But my stray thought is a moment of wondering about the importance of that description, of just how telling and definitive it is, in particular for Virginia Woolf as a novelist and artist, for her as a modernist and the writer of To The Lighthouse. It has been easy and pleasant for me to chart out and study deeply Leslie Stephen’s immersion and life in literature and literary history, and to speculate on its influence on the artistic development of his daughter. Woolf’s accomplishment and work was the product of a singular education and family life, and it was built upon a century of keen and aggressive intellectual activity and effort. I like to think about LS paling around with George Eliot or Henry James, about his virtually central, and relatively benign position in late Victorian literary circles, and what it that was like for Woolf and how it shaped her.

But as I said, I don’t think so much about him as a philosopher, and yet Woolf chooses to leave out just about everything else about Mr. Ramsay. It’s a stark, even abstract (modernist) portrait of a Victorian and his limitations. That’s simple and impressive enough. He won’t make it past “R,” he won’t have real consequence, he fears, and it’s not through lack of courage or effort or a sense of duty. He just won’t get there, he won’t be able to spell it all out, and his entire generation had its limitations, they could only get so far. Again, that’s a basic modernist tenet, Strachey’s argument placed in a fictional setting.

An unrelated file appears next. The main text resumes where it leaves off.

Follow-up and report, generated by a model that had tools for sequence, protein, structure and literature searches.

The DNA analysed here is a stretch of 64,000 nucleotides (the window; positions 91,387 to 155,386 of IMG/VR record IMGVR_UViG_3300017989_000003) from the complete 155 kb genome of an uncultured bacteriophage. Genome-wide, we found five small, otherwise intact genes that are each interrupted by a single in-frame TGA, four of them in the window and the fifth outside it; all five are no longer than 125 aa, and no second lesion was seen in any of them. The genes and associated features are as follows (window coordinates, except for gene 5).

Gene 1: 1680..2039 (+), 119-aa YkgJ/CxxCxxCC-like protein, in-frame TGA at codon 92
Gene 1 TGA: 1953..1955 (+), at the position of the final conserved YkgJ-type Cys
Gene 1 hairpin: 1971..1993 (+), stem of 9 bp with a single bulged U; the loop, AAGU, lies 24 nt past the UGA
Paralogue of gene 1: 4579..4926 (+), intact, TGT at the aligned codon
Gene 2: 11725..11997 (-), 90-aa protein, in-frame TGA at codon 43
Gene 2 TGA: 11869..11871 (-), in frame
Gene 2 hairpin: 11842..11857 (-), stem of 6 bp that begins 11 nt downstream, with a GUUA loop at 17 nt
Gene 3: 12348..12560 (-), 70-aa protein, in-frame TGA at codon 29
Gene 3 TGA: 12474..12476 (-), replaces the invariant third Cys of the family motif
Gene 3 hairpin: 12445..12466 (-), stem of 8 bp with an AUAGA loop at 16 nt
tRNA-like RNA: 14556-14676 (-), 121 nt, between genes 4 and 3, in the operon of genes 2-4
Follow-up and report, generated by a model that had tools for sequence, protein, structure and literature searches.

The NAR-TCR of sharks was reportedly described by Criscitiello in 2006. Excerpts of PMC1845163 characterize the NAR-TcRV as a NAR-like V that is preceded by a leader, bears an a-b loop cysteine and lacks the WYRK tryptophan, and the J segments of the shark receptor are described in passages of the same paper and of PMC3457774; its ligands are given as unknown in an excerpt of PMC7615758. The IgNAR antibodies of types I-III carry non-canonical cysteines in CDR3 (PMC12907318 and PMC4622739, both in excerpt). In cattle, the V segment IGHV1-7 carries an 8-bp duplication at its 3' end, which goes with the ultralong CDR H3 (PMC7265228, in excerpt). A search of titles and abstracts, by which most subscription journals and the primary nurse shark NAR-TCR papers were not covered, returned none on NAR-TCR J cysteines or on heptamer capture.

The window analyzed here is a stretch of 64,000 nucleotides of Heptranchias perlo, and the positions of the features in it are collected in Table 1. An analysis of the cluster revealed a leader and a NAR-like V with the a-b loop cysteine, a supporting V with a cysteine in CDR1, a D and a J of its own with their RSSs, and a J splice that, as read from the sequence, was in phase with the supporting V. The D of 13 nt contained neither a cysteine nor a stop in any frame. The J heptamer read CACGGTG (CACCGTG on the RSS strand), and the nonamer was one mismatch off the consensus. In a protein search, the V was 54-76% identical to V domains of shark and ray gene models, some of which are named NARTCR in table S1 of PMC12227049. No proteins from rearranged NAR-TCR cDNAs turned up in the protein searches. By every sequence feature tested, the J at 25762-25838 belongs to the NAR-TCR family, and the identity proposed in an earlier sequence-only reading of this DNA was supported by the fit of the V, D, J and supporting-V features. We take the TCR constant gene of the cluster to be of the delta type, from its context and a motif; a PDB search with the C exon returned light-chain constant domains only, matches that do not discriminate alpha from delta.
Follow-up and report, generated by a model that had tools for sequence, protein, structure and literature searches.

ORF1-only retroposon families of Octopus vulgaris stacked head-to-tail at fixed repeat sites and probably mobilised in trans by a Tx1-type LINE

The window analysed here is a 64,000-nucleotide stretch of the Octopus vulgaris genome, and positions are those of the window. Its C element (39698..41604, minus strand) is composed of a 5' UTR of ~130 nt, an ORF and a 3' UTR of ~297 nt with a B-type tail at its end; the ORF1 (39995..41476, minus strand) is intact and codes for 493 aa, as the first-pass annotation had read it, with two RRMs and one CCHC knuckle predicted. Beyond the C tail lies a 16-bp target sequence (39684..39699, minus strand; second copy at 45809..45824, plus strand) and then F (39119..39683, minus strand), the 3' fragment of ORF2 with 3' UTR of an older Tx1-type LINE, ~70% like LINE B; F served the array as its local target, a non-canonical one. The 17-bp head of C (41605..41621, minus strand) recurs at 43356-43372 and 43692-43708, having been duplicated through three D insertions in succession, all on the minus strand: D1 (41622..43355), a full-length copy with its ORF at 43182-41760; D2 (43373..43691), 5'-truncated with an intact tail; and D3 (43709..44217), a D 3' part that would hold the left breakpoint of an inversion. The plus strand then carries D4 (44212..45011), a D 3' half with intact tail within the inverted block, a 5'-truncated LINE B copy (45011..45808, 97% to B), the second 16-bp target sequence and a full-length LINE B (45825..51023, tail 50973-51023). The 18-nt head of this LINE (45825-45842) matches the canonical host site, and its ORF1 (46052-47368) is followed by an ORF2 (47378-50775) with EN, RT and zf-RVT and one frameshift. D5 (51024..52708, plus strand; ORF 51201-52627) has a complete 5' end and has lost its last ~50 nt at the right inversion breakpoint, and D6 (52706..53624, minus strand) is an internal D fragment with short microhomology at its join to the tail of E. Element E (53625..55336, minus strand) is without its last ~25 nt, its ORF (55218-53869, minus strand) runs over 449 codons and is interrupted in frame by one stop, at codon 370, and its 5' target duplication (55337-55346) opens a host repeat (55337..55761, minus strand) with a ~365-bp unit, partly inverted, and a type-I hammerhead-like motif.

But now I’m wondering if something more interesting isn’t going on. It’s probably obvious, and I’m just circling back to it at my own pace. The key is that Woolf wouldn’t have been Woolf, that she wouldn’t have been able to write To The Lighthouse if her father hadn’t been just that, a philosopher. His literary knowledge, contacts, and credentials are all besides the point when it comes to the creation of this novel, or as it relates to the artist Lily Briscoe and her vision, her synthesis. The philosophical failure of the father, of the previous generation, is the starting point for the new vision and the artistic accomplishment of the new generation. Again, the philosophy is the only thing that matters.

As a practical, working novelist, Stephen’s literary experience was crucially important to Woolf, so it’s well worth filling in and seeing its effects. But as an artist, as some one trying to create something different and new, a modern classic, she seems to be hinting that none of it would have happened if her father was simply a critic and a biographer. It was because he was a philosopher, even a limited one who thought himself a failure, that she was able to write her novel.

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Responses

  1. Interesting. So she had to create a radically-simplified version of her father in order to tear the image down and create something new. It sounds harsh, but a necessary creative act.